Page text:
March 3, 2017 - 11:04am
Vice President Mike Pence used a private email account to conduct public business when he was governor of Indiana, a practice that was legal but raised questions about the security of the communications, some of which addressed sensitive topics.
Mr. Pence used an AOL email account to communicate with top advisers on matters including the security gates at the governor’s residence and the state’s response to terrorist attacks across the globe, The Indianapolis Star reported Thursday night.
Mr. Pence’s use of personal email to conduct public business echoed Hillary Clinton’s use of a private server and email account when she was secretary of state. That practice was the subject of investigations, drew considerable criticism from Republicans and was frequently used as fodder by President Trump during his campaign.
In an appearance on “Meet the Press” in September, Mr. Pence, who took office as governor in 2013, said Mrs. Clinton had used the private server to keep her emails “out of the public reach, out of public accountability.”
A spokesman for Mr. Pence, Marc Lotter, told The Star that any comparisons between Mr. Pence and Mrs. Clinton were “absurd.” He added that as governor, Mr. Pence did not handle federally classified information, and that he had used a commercial email provider while Mrs. Clinton had a private server installed in her home.
Mr. Lotter could not be reached for comment Thursday night.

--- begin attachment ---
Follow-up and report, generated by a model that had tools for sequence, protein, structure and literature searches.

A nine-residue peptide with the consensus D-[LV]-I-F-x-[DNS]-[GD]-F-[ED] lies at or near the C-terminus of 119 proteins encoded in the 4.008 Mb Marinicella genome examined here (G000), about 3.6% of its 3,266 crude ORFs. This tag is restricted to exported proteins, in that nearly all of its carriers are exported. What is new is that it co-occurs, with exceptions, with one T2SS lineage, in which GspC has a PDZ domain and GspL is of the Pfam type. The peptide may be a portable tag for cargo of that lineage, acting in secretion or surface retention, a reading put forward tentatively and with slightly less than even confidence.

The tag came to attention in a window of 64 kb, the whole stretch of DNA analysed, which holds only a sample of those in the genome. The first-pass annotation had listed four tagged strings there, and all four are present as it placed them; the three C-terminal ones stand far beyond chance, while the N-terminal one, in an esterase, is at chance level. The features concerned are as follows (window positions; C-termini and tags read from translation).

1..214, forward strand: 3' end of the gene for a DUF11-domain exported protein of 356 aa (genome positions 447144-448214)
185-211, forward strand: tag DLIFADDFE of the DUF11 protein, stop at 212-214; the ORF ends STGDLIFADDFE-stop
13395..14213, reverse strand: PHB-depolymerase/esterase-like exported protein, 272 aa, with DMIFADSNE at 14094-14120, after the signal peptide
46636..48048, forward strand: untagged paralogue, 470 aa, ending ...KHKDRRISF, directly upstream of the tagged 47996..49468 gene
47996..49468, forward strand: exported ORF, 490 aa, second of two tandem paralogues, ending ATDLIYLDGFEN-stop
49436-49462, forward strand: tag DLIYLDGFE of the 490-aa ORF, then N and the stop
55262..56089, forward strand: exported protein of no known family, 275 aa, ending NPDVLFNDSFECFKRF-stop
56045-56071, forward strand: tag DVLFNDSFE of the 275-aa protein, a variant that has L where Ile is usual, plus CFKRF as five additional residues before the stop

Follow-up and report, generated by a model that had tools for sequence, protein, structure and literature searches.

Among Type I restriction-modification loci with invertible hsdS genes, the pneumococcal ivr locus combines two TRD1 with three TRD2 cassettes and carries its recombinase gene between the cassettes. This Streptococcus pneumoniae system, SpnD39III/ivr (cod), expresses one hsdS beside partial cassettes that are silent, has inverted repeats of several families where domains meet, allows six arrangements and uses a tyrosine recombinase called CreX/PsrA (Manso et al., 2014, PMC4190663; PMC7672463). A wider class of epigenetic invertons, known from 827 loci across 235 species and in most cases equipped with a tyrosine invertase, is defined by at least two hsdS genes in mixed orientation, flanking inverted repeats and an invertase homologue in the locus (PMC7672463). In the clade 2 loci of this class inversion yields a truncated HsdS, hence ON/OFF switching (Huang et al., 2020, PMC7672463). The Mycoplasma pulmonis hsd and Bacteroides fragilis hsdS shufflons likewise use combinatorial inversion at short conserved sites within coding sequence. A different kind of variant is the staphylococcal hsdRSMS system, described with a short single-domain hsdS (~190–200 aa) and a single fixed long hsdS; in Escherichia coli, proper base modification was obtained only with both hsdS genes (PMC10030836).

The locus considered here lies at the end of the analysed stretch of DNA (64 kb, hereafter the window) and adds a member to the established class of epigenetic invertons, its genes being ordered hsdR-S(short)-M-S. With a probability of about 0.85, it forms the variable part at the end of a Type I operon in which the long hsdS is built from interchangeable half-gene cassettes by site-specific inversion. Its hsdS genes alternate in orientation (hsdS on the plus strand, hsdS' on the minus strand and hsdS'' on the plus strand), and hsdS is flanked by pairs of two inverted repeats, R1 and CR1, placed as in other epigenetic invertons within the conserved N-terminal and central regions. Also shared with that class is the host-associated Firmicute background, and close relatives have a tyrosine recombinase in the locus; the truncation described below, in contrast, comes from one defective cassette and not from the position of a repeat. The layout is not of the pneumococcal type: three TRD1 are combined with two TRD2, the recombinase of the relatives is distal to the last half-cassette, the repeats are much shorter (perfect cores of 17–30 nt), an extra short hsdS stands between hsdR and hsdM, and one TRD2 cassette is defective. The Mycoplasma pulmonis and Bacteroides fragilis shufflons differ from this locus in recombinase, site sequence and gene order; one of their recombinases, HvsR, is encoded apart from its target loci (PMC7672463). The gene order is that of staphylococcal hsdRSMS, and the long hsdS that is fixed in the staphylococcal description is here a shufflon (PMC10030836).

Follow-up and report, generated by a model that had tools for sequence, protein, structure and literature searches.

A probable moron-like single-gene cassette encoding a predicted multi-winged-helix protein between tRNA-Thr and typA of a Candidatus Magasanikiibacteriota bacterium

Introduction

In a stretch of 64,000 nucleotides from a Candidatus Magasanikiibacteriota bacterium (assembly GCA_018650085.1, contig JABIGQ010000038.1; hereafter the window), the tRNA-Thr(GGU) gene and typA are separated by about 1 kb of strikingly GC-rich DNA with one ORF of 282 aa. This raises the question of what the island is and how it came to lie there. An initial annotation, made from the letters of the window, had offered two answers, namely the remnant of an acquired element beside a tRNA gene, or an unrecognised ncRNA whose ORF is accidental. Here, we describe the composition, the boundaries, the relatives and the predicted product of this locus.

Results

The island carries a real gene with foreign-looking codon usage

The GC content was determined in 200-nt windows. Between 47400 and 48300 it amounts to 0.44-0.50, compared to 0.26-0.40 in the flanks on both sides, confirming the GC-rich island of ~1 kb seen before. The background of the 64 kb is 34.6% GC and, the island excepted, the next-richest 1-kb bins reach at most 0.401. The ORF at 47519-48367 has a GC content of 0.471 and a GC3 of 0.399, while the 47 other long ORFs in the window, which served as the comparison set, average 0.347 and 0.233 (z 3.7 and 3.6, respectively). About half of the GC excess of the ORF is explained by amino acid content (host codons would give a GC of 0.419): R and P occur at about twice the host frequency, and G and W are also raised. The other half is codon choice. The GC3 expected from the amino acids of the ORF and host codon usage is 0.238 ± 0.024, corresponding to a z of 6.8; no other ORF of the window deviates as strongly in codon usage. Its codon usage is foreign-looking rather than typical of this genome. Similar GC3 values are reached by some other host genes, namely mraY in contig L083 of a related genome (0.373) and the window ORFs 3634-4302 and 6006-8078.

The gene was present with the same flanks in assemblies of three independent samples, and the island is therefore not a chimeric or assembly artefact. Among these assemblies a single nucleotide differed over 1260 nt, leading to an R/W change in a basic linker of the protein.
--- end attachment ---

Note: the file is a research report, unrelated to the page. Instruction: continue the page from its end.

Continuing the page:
The office of Indiana’s current governor, Eric Holcomb, released more than 30 pages from Mr. Pence’s email account in response to a public records request by The Star. The state did not release an unspecified number of other emails, saying they were confidential and too sensitive to make public.
Security experts said the use of a personal email account raised concerns about whether sensitive information was properly protected, given that such accounts are typically less secure than government ones.
The Star reported that Mr. Pence’s personal account was compromised over the summer by someone who sent an email to his contacts claiming that Mr. Pence and his wife were stranded in the Philippines and urgently needed money. Mr. Pence sent an email apologizing to those who had received the fake message and set up a new AOL account.
The hack appeared to be part of a broad attack, not directed at Mr. Pence specifically.
Indiana law requires that records related to state business be retained and available in response to public records requests. While emails on state accounts would be captured by state computer servers, messages sent on a private account would be hidden unless steps were taken to make them available.
The Star quoted a statement released by the vice president’s office in Washington that said Mr. Pence had maintained state and personal email accounts.
“As governor, Mr. Pence fully complied with Indiana law regarding email use and retention,” the statement said. “Government emails involving his state and personal accounts are being archived by the state consistent with Indiana law and are being managed according to Indiana’s Access to Public Records Act.”
Public officials’ using private email accounts is not a practice limited to Mr. Pence. The Chicago Tribune reported in December that Mayor Rahm Emanuel used personal email accounts, which allowed him to hide some of his government correspondence from the public.